News - 2012 - 2012

faculty spotlight

Ching-Yao Lai, Assistant Professor of Geosciences and Atmospheric and Oceanic Sciences (AOS)

Research Summary:  Lai studies fundamental questions in fluid dynamics, climate science, and geophysics by integrating physical and machine-learned models with both experimental and observational data. Her research addresses challenges facing the world, such as advancing our scientific knowledge of ice dynamics under climate change.  Lai uses mathematical models, experiments, simulations, and machine learning tools to study the complex interactions between fluids and elasticity and their interfacial dynamics, such as multiphase flows, flows in deformable structures, and cracks. In particular, her recent work combines deep-learning and physics-based models to predict the disintegration of ice shelves in a warming climate.

Group: Lai Research Group

 

Yao Lai, Assistant Professor of Geosciences
Assistant Professor Ching-Yao Lai

Biography: Ching-Yao Lai is an Assistant Professor jointly appointed in Geoscience (GEO) and Atmospheric and Oceanic Sciences (AOS). She is also an Associated Faculty of the High Meadows Environmental Institute (HMEI) and Affiliated Faculty of the Program in Statistics and Machine Learning (SML) at Princeton University. Yao did her undergraduate study (2013) in Physics at National Taiwan University, Ph.D. (2018) in Mechanical and Aerospace Engineering (MAE) at Princeton University, and postdoctoral research in earth science at Lamont Earth Observatory at Columbia University. She grew up in Taiwan.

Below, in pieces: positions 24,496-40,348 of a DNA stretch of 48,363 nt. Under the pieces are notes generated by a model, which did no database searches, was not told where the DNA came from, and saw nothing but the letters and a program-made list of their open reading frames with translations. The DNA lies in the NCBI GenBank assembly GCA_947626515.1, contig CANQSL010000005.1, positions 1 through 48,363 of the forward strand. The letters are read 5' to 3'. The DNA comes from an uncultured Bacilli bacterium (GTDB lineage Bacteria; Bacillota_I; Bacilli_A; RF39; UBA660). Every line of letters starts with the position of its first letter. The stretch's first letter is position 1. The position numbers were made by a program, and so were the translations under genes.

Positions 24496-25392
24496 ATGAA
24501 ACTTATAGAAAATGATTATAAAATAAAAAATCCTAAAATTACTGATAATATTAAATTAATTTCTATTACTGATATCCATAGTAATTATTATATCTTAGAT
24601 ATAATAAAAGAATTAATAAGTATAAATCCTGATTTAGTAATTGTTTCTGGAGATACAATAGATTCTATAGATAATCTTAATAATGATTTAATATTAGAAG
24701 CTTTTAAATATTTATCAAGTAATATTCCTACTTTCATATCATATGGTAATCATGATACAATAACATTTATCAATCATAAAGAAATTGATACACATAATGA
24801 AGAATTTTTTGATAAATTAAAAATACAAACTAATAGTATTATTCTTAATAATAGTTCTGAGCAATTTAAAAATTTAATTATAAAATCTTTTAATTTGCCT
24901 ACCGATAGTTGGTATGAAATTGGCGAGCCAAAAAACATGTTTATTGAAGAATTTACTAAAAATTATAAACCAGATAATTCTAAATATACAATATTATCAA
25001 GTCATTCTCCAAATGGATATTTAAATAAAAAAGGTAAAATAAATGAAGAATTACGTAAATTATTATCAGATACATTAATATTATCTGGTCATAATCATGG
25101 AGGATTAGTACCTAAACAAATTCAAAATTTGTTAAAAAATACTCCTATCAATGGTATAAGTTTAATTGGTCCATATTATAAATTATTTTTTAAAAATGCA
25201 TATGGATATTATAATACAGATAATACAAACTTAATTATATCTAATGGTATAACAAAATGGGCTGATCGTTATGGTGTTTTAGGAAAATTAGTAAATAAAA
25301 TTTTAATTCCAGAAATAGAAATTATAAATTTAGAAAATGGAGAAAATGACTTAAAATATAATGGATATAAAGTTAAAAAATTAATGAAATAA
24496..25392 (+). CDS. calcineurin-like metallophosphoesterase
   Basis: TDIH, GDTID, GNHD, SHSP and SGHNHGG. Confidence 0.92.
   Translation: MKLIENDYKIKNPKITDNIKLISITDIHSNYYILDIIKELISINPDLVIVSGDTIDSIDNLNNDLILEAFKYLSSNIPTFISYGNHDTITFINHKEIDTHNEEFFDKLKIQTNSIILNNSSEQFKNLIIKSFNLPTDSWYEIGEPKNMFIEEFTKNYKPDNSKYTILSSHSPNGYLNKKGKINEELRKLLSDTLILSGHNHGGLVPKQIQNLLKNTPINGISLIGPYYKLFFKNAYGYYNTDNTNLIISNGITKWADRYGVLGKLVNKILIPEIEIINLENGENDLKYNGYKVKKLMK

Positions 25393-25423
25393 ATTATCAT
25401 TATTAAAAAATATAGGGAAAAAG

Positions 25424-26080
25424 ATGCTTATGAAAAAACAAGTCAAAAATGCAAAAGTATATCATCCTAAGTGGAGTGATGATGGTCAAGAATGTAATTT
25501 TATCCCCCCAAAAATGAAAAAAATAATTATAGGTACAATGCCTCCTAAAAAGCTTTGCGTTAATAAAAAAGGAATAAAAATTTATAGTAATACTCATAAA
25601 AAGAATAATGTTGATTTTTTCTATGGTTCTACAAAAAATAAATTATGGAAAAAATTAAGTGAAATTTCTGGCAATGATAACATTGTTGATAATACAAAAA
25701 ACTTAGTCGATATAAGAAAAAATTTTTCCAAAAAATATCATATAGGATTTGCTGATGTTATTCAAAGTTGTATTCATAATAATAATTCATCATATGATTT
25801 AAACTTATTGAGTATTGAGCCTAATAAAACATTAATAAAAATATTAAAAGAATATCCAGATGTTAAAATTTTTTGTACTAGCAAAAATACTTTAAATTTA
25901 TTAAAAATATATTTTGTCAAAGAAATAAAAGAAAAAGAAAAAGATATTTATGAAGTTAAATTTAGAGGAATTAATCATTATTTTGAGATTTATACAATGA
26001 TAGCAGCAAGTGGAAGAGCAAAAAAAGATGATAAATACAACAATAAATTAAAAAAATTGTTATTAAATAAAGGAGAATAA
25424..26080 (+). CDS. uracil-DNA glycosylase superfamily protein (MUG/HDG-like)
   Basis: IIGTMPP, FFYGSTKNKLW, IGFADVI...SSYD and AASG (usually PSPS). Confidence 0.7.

Related News:

In The News

  


 

More recent articles

Thursday, Nov 1, 2012
The idea that low surface densities of hairs could be a heat loss mechanism is understood in engineering and has been postulated in some thermal studies of animals. However, its biological implications, both for thermoregulation as well as for the evolution of epidermal structures, have not yet been noted.
Thursday, Nov 1, 2012
Thursday, Nov. 1, 2012 - A brief report from Guyot Hall after Hurricane Sandy.
Tuesday, Oct 23, 2012
The Department of Geosciences and at Princeton University congratulates Kelly A. Kearney on successfully defending her Ph.D. thesis.
Thursday, Oct 18, 2012
The Department of Geosciences and at Princeton University congratulates Jessica C. Hawthorne on successfully defending her Ph.D. thesis.
Friday, Oct 12, 2012
Postdoc Kevin Lewis says he feels like he’s living with perpetual jet lag. Some of his days begin in the early morning; others don’t start until night, long after the cafeteria has stopped offering anything besides a cooler of ice cream. Regardless of what time it is in California, Lewis starts work when the clock strikes 2 p.m. on a planet 16...

Pages